Well, it was an eventful Christmas here at Foggygates. We had the annual Hatfield Luminarium on Sunday night the 23rd, and had some friends and neighbors over afterwards for a very nice French dinner of Beef Bourguignon which Amy spent all day preparing. It rained this year so I didn't get any pics, but a good time was had by all. Then on Christmas we had some friends and relatives from Vermont and New Hamphire here for a dinner of locally-smoked ham, potato & mushroom au gratin, and peas & onions, with home-made lemon tart for desert.
Amy was in charge of all the food- the way we do food here is that I cook during the week, but if anything calls for planning or expertise, she does it. So it was real bummer when she got up with a stiff neck Christmas morning, and then came up from the basement at 9:04 a.m. saying "I dropped the butter and when I bent down to pick it up, my neck went out".
Ouch. I mean, I never had a neck go out, but I've had my back go out in spasms, and it's not fun.
She was barely able to walk, but insisted on presiding over the kitchen all day and, with much help from our friend Anne from Vermont, dinner made it on, and was enjoyed by all.
It wasn't until around 5 pm that Amy suggested we might want to go to the emergency room, as she could not actually move without 10th-level pain.
They prescribed some very nice drugs, and she had a half-nights sleep last night and is feeling somewhat better today- though I went and did the farmer-thang and watered the six horse at the barn. Got horse shit all over my pants and gloves and remembered how it feels to care for outdoor animals in winter, back when I had ducks. You know, it's good feeling, no matter how much ice-encrusted shit you have on you when you get home. Ice is ice, and you live in New England and you expect something else than to wade in horse shit? Forget it- haul the damn water out in wheel-barrows over the ice to the horses. That's life.
We're covered in frozen horse-shit, but all is happy here.
Tuesday, December 11, 2007
The Book Elves love Christmas, but they get very, very competitive when shopping for a Christmas tree. After being banned by the local tree farm after a rather ugly incident involving the mayor’s mother and a chainsaw last year, they decided to cut their own in our back woods.
Now here’s the thing about “home-grown” trees- they tend to be “home” in more ways than one. The first inkling we had that they might have brought more into the house than just a balsam fir came when a sleepy chipmunk landed on the mantle, and soon there were a variety of songbirds flying around the living room. It was actually very cute and Christmassy and lent a festive air to our Christmas party last Thursday evening -the bright colors and cheerful songs of the chickadees, jays, cardinals and titmice were quite charming.
And then the squirrel and the red-tailed hawk popped out...
But before they turned our living room from a scene from Dickens’ ‘A Christmas Carol’ to a scene from a Bruce Willis “Die Hard” movie, the Book Elves finished our latest catalog-
Catalog #310: BOOKS ON THE DECORATIVE ARTS, including folk art, interiors, metalware & iron, textiles, & other “Americana” & related subjects” features 271 fully described books and catalogs.
The catalog may be browsed on our website.
Tuesday, December 04, 2007
The Book Elves love decorating for Christmas, and they love seeing the big, 80-foot maples out front strung with brightly colored lights. But after last year's unfortunate 'incident' with the rented cherry picker and the power lines, they knew they had to come up with an alternate method of stringing them.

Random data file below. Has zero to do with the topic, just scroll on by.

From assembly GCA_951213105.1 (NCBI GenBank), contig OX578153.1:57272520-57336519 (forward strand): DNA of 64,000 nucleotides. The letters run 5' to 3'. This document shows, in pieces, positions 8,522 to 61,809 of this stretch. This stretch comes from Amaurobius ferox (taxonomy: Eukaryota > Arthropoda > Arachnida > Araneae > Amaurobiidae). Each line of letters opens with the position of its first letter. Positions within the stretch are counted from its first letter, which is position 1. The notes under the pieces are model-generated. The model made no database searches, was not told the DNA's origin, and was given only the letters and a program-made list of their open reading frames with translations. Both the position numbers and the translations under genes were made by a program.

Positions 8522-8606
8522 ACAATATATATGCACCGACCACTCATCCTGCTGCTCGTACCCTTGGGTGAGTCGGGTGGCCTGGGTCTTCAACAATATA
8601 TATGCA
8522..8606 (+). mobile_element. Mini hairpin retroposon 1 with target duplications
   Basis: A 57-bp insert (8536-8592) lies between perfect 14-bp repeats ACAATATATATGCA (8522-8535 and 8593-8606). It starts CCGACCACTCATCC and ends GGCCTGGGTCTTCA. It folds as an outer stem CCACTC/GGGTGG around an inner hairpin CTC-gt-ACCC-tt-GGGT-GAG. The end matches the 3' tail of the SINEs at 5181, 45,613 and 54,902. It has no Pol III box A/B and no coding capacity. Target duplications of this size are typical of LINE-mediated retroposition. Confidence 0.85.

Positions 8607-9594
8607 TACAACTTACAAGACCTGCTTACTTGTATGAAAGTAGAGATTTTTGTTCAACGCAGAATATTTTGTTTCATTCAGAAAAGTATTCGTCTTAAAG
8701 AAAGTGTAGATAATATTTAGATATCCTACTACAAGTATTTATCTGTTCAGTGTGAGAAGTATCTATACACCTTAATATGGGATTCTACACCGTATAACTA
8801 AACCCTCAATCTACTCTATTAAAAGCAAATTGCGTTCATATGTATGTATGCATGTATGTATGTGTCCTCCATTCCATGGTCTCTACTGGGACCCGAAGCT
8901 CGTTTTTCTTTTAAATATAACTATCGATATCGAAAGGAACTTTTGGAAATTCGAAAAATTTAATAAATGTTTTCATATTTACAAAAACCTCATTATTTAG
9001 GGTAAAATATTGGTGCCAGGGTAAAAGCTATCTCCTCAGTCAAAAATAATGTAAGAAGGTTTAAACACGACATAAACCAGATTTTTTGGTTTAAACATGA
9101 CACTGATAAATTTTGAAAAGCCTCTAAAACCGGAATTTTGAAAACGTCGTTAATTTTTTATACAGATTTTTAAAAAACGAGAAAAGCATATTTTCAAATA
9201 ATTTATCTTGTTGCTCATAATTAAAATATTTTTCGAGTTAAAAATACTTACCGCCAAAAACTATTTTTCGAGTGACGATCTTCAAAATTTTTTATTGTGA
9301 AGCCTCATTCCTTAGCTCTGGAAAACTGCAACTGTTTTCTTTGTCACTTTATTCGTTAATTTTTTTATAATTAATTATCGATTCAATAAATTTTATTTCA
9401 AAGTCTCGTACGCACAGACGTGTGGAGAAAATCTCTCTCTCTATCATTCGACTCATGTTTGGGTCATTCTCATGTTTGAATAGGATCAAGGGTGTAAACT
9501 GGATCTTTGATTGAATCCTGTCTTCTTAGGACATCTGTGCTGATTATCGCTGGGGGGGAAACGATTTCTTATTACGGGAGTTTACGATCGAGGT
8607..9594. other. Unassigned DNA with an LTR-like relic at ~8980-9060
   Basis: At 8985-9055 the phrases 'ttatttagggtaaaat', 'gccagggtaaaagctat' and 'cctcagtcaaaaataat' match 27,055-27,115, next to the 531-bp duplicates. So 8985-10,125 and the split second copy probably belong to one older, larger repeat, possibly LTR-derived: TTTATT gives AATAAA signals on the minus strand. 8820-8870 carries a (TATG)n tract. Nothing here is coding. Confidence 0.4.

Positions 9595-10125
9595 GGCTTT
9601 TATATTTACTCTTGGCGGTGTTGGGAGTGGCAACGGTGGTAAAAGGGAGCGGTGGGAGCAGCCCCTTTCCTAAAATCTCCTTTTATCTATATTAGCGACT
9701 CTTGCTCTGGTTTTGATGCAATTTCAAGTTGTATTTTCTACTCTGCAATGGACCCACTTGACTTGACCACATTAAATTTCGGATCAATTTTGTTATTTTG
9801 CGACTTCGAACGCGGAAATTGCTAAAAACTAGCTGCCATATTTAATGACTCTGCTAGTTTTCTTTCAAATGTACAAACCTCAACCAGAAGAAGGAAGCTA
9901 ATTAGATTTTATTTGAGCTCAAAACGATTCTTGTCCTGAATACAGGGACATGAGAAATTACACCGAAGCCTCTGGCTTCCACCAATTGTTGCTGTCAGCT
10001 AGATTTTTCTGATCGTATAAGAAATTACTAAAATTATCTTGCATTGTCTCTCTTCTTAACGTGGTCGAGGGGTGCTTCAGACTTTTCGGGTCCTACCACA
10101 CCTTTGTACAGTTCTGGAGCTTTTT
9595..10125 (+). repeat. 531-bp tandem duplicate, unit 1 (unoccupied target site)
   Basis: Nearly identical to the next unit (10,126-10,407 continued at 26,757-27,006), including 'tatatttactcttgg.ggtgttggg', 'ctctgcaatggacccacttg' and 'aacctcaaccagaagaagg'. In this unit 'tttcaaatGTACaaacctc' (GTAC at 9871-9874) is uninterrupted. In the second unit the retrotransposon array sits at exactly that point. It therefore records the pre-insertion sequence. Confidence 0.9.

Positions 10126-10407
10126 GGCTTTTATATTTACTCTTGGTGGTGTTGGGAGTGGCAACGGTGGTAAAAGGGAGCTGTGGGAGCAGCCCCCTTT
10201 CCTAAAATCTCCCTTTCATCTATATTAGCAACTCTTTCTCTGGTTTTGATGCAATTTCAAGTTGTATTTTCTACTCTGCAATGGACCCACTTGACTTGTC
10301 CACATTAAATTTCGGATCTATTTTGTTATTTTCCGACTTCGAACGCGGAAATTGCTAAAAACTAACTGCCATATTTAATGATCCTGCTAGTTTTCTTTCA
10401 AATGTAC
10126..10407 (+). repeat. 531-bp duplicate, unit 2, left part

The Book Elves are nothing if not resourceful (or ever-so-slightly addled) and so they trundled on down to our local Radio Shack and bought a radio-controlled airplane and two-dozen boxes of new light strings. It was a simple enough idea- a radio-controlled airplane flies as high as the trees and is, by definition, “controllable”. It is also quite powerful enough to attach a few strands of Christmas lights to, and so they did, and away the plane went, round and round the tree.
Personally, I have always found it a pity that some of the Book Elves more unusual and interesting ideas usually turn out to have completely unexpected consequences, especially for unsuspecting bystanders...
But before they hog-tied the neighborhood carolers (and their dog) to a tree with sixteen strands of “Merry Christmas Blinking Frosty Lights”(tm), the Book Elves finished our latest catalog-
Catalog #309: RECENT ACQUISITIONS & OTHER INTERESTING BOOKS ON ANTIQUES & THE ARTS, DECEMBER, 2007, features 217 books and catalogs on antique furniture, silver, ceramics, glass, textiles, folk art, and many related topics.
-Barber's scarce 1893 catalog of American ceramics
-Several nice early 19th century miniaturist's manuals
-A nice 1873 Elkington Silver & Electroplate catalog
-A very scarce Henry Wood Erving pamphlet
-A superlative copy of French's 1879 'Art and Artists in Connecticut'
-The book issued at the 1925 opening of the American Wing, limited to 500 copies
-A scarce 1884 book on electric lighting in the home
-A copy of Isham's 1928 'Early American Houses', one of 35 copies on rag paper
-A scarce 1816 pamphlet describing the Piccadilly exhibition of Napoelon's captured personal carriage and its luxurious contents
-An 1898 monograph on woollen fabrics of the Oudh provice of India
-A unique court exhibition of old British sherry labels, used in the noted 1967 case of Vine Products v. Mackenzie
-An important 1925 pictorial survey of Art Deco in France by Henry Van de Velde
and much more!
The catalog is posted online.
We also have printed copies available. Please send us your address if you would like a free copy.